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Durable goods orders tick up, but business spending slides

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Orders to U.S. factories for big-ticket manufactured goods increased slightly in July, but businesses spent less as the economic recovery lost momentum.

Demand for durable goods rose 0.3 percent last month, the Commerce Department said Wednesday. The overall increase was driven by a 75.9-percent increase in orders for commercial airplanes.

Without the volatile transportation sector, orders dropped 3.8 percent—the steepest decline since January. Businesses spent less on equipment and machines. Orders for capital goods fell 8 percent.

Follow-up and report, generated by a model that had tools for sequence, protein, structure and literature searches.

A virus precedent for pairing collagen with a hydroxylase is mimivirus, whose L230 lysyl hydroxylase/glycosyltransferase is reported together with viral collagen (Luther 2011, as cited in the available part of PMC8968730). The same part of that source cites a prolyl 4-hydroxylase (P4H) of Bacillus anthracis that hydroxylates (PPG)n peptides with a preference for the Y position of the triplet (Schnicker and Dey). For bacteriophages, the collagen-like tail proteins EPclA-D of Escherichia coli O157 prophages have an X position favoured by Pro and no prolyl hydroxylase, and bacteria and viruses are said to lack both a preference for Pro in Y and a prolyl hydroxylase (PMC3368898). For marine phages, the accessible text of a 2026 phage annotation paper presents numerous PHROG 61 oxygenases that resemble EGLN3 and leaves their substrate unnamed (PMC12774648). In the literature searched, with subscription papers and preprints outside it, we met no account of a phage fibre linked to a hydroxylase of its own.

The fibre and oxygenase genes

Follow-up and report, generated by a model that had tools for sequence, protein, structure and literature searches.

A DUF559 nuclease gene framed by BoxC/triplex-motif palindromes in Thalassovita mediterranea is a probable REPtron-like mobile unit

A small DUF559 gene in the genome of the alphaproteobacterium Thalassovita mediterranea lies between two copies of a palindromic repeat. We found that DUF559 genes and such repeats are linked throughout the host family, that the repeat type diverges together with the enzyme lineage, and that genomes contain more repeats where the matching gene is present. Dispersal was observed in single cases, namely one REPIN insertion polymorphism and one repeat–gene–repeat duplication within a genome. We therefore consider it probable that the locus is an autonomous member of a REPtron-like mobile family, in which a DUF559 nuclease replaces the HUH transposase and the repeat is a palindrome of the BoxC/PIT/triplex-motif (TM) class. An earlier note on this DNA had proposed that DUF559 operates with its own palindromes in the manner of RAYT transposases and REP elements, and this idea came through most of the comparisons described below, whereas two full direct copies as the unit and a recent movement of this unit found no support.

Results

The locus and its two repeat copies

Machinery and computers were especially hard-hit. Orders for machinery dropped 15 percent, the biggest decline on record for that category.

The report was grim compared to June's results. Overall orders in June declined by a revised 1 percent. But excluding transportation, orders rose 0.2 percent. Spending by businesses increased 3.6 percent that month—a rare bright spot.

Factory orders are a key measure of the economic recovery. Manufacturers have helped to lead the rebound. They filled orders for businesses that were building up stocks after whittling them down during the recession.

But many companies are done restocking, cooling demand for factory goods.

With unemployment still near double digits, consumers have not taken up the slack.

Durable goods are products expected to last three years or more. The full survey of factory orders will be released next week.

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